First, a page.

She is left handed so she finds writing a bit tricky. When they ask her to practice writing she's thinking " I am rubbish at this , I am not doing this again!"

That said she can sit quietly for prolonged periods of time if she likes a book or an activity. She loves story time. The teacher has told me DD knows her spot at carpet time and listens very intently when the teacher is reading or telling a story.

Does all this sounds like DD has an illness or a delay or is she just a huge PITA? I believe the latter, but obviously I am biased. But not biased enough to fail to notice how much easier other kids are , compared to her. I envy the parents of easy going kids. And I also realize that if all the kids were like DD, the teacher would not be able to cope.

That said, I am not going to sit with my hands in my lap while they diagnose DD with something she doesn't have (speech delay), because her teacher is looking for an excuse to pass the hot potato to someone else. If the teacher needs extra help because DD is immature and a PITA , I am fine with it, but I think they need to give her a chance to grow up before they label her as SEN.

I am going to wait until the end of the week, and then I am going to ask for a meeting.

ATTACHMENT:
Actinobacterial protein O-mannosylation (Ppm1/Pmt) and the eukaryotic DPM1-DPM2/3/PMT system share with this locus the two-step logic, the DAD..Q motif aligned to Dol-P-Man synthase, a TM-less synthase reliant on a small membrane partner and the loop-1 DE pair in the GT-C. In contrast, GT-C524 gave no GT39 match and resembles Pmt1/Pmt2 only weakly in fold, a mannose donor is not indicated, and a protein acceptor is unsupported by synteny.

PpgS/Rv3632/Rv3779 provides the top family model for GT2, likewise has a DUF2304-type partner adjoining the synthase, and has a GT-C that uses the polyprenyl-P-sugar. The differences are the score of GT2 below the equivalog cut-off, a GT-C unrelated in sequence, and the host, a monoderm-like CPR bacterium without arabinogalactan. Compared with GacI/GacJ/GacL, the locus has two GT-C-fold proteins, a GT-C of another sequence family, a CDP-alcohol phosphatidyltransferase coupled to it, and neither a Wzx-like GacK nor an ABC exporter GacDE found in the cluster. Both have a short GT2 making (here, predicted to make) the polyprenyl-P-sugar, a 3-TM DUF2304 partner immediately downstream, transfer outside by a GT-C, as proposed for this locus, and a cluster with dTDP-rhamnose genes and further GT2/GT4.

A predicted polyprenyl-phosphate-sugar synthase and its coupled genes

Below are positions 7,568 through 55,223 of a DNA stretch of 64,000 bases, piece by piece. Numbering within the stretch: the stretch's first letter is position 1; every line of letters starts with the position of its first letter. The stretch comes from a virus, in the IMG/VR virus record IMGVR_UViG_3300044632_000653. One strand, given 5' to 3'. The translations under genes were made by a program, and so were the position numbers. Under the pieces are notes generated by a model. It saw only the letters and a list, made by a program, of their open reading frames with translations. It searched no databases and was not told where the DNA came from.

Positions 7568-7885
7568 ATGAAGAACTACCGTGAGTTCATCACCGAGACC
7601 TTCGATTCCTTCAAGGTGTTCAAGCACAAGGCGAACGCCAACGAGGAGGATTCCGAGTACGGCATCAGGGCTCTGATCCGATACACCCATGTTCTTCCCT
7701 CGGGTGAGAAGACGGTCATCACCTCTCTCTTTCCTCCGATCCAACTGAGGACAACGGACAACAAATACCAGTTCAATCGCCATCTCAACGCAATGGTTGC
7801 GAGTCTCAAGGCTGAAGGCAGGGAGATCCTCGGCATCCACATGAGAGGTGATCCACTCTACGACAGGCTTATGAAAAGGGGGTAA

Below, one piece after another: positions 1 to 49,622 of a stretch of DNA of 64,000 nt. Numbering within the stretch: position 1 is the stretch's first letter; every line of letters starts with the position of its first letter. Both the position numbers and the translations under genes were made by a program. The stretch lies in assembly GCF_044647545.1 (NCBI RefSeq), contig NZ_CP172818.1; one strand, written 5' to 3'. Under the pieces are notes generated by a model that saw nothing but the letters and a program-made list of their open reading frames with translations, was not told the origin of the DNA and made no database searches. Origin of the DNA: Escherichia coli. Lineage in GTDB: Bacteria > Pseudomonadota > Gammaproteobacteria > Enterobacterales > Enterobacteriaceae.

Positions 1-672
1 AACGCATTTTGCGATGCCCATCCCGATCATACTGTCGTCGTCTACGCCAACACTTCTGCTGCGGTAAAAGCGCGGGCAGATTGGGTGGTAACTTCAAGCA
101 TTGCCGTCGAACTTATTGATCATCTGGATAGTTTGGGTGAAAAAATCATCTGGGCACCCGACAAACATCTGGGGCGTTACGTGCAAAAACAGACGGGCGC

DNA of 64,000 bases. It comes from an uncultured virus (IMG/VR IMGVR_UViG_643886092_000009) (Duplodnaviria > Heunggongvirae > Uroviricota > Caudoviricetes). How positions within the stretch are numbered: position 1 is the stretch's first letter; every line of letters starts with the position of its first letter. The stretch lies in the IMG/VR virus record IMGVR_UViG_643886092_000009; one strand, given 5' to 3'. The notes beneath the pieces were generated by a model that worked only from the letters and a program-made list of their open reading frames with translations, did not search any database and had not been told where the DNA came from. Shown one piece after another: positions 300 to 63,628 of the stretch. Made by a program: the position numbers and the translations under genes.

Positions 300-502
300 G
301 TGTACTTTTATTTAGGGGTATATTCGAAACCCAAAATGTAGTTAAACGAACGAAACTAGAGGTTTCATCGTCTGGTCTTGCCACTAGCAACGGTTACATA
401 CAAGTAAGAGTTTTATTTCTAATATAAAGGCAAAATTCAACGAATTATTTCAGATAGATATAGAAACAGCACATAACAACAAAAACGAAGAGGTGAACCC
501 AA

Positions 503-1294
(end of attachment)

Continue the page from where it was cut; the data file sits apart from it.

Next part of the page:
northernlurker Tue 11-Nov-14 19:51:37

I sympathise OP. My third child sounds a lot like your dd and at the root of a lot of the issue is that they are in quite big classes, need a lot of structure and input and it depends on how engaged their teacher is as to whether they get that. My dd is now in Year 3 and is very settled and happy at school. Tbh though it's only in the last year that she has really clicked with it. She had absolutely no issues at nursery of any sort - smaller groups, very focused on her and formulating extension activities. Then she moved to a much bigger class and her stubbornness and unwillingness to try new things came more to the fore.
You do need to back school up - so be clear with her she must work on doing as she's told straight away. But you also need to back her up and you've done great with that so far. keep pushing school. They may have thirty kids to teach but you know what works for you and you need to get that heard. Dd's teachers last year were much better at listening to me than Reception/year 1 (was the same person) and this year's teacher is a total star. Really enthusiastic about dd but also keen to talk about what works best for her. Total joy for me at Parent's Evening when I told her dd responds well to drills and cues - she wrote it down! I wanted to kiss her and it did make me think how little her Reception teacher had listened to me.